After being exposed by an independent media based in Hongkong and the news brought to Singaporeans’ knowledge by States Times Review, the Singapore Ministry of Transport and the state media are now on a propaganda overdrive to explain the cover up.
The defects of the China-made MRT trains were discovered in late 2013, and the Singapore government covered it up for more than 2 years until yesterday (July 5).
Ranked for 154th in press accuracy, Singapore Press Holdings (SPH)’s Channel News Asia today published a Question-and-Answer response from the Ministry of Transport. However, the answers are at best dodgy and answered none of the questions about the cover up. The Ministry claimed that the defects are “not dangerous” and that the “non-critical” repair would be “sped up” and require 6 years instead of 7.
Below is the QnA by Channel News Asia:
Why are MRT trains being shipped back to its manufacturer?
Defects were found during a check of new trains manufactured by Kawasaki Heavy Industries and CSR Sifang in late 2013. There were a few hairline cracks on the car-body. These are superficial cracks (like those that show up on the walls of a new house). They are not structural cracks and are not safety-critical.
Are these defects dangerous?
The defects are hairline cracks and are not safety-critical. They do not affect the train’s systems, performance or passengers’ safety.
Are the trains still under warranty?
Yes, they are still under the manufacturer’s warranty. As such, LTA are sending the trains in small batches back to the manufacturer for rectification. This is the appropriate thing to do to ensure we get the value for our money.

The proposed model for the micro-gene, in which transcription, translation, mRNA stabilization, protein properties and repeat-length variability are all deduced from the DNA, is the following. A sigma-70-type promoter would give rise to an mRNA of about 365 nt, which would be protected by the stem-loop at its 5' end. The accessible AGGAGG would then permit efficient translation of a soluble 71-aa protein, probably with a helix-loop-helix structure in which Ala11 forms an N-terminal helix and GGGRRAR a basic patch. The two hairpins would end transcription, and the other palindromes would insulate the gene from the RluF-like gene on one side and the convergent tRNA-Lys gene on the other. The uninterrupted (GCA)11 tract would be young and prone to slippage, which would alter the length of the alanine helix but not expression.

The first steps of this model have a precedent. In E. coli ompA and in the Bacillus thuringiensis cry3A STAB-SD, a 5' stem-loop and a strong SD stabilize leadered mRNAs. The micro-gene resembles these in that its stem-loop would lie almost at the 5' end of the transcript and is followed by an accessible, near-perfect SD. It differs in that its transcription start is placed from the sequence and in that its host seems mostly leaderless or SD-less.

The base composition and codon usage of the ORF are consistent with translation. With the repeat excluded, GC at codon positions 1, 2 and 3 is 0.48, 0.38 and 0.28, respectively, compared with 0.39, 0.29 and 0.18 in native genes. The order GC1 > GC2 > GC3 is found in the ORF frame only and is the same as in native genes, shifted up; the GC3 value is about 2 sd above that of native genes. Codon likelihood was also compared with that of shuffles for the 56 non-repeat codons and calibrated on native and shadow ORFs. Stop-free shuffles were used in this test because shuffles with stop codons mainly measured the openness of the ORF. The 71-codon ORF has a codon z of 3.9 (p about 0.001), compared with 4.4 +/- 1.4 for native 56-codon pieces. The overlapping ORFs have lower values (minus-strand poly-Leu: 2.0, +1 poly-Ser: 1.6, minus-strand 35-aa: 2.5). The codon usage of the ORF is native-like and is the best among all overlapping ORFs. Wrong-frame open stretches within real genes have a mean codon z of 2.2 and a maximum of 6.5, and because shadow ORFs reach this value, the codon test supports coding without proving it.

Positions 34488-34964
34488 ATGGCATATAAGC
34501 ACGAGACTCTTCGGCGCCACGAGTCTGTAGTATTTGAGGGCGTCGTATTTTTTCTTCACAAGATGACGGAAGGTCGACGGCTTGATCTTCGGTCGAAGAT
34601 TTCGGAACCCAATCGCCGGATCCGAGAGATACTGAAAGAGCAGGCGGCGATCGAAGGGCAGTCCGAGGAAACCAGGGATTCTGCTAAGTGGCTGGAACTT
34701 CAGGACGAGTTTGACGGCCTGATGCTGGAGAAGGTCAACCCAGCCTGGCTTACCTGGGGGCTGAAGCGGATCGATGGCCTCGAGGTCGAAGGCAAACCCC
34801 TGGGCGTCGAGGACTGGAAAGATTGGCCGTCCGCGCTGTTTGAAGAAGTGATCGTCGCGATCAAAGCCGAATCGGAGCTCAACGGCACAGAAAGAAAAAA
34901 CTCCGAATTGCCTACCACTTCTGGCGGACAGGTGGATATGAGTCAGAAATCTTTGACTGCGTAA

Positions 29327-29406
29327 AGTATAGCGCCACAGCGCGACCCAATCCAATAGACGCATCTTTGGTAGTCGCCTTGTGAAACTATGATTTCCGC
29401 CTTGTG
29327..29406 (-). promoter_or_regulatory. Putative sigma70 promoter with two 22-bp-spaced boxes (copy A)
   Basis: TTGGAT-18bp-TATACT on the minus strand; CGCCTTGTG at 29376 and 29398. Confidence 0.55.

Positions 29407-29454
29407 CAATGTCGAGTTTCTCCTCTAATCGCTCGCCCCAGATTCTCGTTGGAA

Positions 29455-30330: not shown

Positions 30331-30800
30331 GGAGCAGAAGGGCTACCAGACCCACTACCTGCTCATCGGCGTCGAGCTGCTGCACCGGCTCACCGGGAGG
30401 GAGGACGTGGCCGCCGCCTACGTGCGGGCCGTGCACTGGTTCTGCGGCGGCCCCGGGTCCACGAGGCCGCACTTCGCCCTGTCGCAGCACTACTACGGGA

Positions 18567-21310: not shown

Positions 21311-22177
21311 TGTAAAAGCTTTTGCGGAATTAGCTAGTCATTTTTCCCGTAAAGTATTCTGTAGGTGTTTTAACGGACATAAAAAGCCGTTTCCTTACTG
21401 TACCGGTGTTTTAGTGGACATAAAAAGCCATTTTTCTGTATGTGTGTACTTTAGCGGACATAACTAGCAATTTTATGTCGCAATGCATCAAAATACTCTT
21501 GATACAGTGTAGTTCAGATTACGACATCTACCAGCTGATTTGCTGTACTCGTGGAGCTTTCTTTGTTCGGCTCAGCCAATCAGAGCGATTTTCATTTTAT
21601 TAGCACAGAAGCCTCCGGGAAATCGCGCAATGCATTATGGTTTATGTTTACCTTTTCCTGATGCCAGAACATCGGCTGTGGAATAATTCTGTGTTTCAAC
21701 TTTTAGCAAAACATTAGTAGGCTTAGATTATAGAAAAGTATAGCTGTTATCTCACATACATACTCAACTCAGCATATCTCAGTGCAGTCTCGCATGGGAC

How can you be sure the trains are safe?
To ensure that trains are safe for passenger service, all defects are monitored closely. Monthly safety assessments are also conducted by LTA and the manufacturer before trains are put into service.
LTA also commissioned an external third party assessment in 2013 which had confirmed that the trains are safe to operate. As advised by the third party assessment, there has also been close monitoring of the crack propagation rate.
Why transport these trains in the dead of night?
Our trains are big and massive equipment. They are transported at night, with auxiliary police officers clearing the way ahead, to minimise obstruction and inconvenience to road users. Likewise, new trains that arrive in Singapore are transported on our roads at night.
Then why cover them up in green covers?
The green covers are to protect the trains, just as how we would bubble-wrap or enclose in boxes and styrofoam-pad electronic equipment, machinery etc, which we want to transport overseas.
Will the repairs really take 7 years?
No, LTA has negotiated with the manufacturer and it will be able to speed up the process. Trains are being sent in batches and the rectification work will be completed in 2019.
An online user pointed out that Transport Ministry may be lying because the trains were not bubble-wrapped when they were first transported into Singapore from China:
Other online users pointed out that a 6 years “non-critical repair job” is a very blatant lie, and that it wouldn’t even take more than 3 years to manufacture a new carriage of factory-made trains.